laps and arms of evil men, how many times
your skin was forced to heal by growing
on top of itself, in lines of lash.
When you look at him, finally, deciding what snippet
of hell to offer as an answer, I imagine you will
tell him about a moment when you’d smiled
in the box, when the dark and hot had molded itself
into a body, had wrapped around her as if trying
to speak her skin correctly for the very first time.

12/15 poem

Django, part three

How many times did your tongue
warp around itself before correctly
uttering her name?  Broomhilda.
Broomhilda. Broomhilda. Baby.
Sweetness. Trouble maker. Pearl.
Did she teach you how to press out
the r as if exhaling a snort of poppies?
Did she teach you how the h cradles
the il as a deaf infant while running
for shelter in a rainstorm? Broomhilda.
Broomhilda. Broomhil—shh…it’s okay
baby. You good. You smell me just fine.

11/15 poem

Eternal Sunshine

You’re holding the newspaper in your hand as if you plan to strangle it.
Why do they tell you these stories of black boys dying if no one
plans to actually do something about it? Why must they storm
your mornings with this? Are they sick?

The last time a white woman clutched her purse in your presence
you nearly punched her. You nearly told her how that shit stomps
your heart. You did nothing. Black fist paralysis.

You remember what your friend said the other day,
about the service, the new gift of manufactured amnesia,
the intravenous deliverance of eternal sunshine,
how they give you pills, you’re out cold and they sneak into your house to hook up a computer to your brain and erase whatever you wish. Two weeks later you saw him prove it, as you both watched your favorite movie and he burst out laughing at the punch lines
both of you had for a decade known by heart.

You know there was an age at which you knew nothing
of the ramifications of brown skin. You don’t remember what
age it was, but you want it to be now. Now. Now.

The pills they gave you are in your hand. Your lights are off.
Your watch blinks. They’ll be here in an hour.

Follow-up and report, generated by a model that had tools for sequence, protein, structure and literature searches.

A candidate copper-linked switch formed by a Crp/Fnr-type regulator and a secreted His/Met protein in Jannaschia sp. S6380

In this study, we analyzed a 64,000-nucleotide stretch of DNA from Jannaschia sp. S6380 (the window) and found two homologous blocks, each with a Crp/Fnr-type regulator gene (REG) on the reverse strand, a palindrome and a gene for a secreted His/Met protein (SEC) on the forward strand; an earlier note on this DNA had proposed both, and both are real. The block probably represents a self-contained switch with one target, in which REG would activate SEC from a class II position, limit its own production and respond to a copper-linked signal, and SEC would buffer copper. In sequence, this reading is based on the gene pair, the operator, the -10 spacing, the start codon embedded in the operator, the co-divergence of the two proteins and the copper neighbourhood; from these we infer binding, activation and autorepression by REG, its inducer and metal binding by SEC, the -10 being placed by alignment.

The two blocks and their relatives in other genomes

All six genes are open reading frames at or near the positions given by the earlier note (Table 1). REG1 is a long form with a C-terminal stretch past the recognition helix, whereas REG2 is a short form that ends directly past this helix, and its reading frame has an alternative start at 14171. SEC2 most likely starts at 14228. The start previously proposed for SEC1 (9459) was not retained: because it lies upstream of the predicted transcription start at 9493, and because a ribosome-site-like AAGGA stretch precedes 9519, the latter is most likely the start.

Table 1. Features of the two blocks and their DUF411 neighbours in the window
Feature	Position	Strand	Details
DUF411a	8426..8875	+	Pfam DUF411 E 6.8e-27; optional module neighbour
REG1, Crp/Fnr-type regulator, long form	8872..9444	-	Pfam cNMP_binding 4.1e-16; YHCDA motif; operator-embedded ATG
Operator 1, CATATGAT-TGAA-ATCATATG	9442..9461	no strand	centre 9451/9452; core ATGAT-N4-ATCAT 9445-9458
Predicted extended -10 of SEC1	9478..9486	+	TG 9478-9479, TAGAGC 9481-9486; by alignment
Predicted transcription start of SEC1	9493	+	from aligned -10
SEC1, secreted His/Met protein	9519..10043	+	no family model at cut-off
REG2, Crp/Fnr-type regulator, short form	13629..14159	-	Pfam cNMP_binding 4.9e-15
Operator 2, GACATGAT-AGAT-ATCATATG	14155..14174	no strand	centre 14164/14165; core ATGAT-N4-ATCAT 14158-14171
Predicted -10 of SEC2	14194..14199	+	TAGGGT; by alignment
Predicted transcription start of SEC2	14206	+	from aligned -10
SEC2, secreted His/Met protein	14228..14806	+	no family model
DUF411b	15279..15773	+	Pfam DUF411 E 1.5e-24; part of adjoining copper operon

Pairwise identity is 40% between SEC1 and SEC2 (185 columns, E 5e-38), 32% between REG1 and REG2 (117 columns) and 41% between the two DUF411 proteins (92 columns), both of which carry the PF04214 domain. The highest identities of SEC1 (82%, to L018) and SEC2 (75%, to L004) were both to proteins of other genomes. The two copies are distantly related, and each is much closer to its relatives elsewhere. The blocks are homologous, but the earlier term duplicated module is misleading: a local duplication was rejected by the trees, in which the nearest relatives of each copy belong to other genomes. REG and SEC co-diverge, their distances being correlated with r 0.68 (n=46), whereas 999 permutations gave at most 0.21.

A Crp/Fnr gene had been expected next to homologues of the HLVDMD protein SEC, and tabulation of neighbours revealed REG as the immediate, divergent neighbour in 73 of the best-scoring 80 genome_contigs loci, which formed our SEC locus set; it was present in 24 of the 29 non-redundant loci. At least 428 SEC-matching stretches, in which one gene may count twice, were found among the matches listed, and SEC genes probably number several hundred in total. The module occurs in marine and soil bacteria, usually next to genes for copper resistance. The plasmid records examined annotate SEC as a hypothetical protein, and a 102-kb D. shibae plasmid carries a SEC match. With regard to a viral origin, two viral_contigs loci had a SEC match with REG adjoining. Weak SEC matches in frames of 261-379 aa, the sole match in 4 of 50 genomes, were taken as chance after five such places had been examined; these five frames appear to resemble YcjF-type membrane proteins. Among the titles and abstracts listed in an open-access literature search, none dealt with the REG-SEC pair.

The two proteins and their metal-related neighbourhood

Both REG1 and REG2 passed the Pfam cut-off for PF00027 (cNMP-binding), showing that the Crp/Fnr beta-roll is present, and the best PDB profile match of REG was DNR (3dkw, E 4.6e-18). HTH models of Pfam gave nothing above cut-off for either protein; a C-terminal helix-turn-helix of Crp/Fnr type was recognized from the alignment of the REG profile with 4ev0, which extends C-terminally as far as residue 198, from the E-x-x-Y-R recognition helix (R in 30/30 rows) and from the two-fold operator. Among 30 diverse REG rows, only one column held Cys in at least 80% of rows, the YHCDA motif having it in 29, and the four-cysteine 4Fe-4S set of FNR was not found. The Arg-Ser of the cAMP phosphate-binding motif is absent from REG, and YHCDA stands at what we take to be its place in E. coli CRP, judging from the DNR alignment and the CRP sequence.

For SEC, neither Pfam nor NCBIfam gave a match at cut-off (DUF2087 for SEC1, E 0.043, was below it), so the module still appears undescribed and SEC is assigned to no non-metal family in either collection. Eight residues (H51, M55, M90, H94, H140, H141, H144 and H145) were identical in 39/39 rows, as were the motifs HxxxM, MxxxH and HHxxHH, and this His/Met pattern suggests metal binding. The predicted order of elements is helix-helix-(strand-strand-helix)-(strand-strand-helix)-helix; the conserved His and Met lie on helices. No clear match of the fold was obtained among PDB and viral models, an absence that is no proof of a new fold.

How many days has it been? You don’t know for sure but you
haven’t picked up a newspaper in three weeks. The headlines
are confusing; they seem like a foreign language.

It’s July 4th, and you don’t know why everyone picked today
to light fireworks, but you’re falling in love with the sky.

It feels like you smile too much. No one smiles back at you honestly.
They’re warding you off. You don’t know what they’re ashamed of.

Your cousin is staring at you incredulously, after you’ve calmly told
him you don’t know Malcolm X’s birthday. His hands bite your shoulders
as they ask where is your pride?!

You get a phone call about your cousin being beaten by cops. Your first question is did he have a weapon? Was he assaulting someone?
Was he on drugs and out of his mind? You never ask if his skin
was too dark that day for somebody’s mood, you never ask if he’d
been pulled over for being too safe of a driver. It never occurs to you
to ask anything like this. All you feel is pain, for one man being
harmed by another man. There is no history to complicate the
impulse of compassion.

You’re at the nursing home, seeing Grandma. Her caretaker kindly
tells you that you and she share the same smile. Like something
in your heart has lifted up. As if this is no longer the world where
your lungs belong.

10/15 poem

Django, part two

When old man Stephen first laid
his eyes on you, his frown laying
roses on the path to his scowl, it
wasn’t because of your youth, or
some half-wrought indignant
where’d you buy that beautiful horse?,
but rather because 78 years of prostration
had suddenly returned to singe his face.
How surely, how confidently you rode
your magnificent beast, as if through
servitude and escape it had always belonged
to you.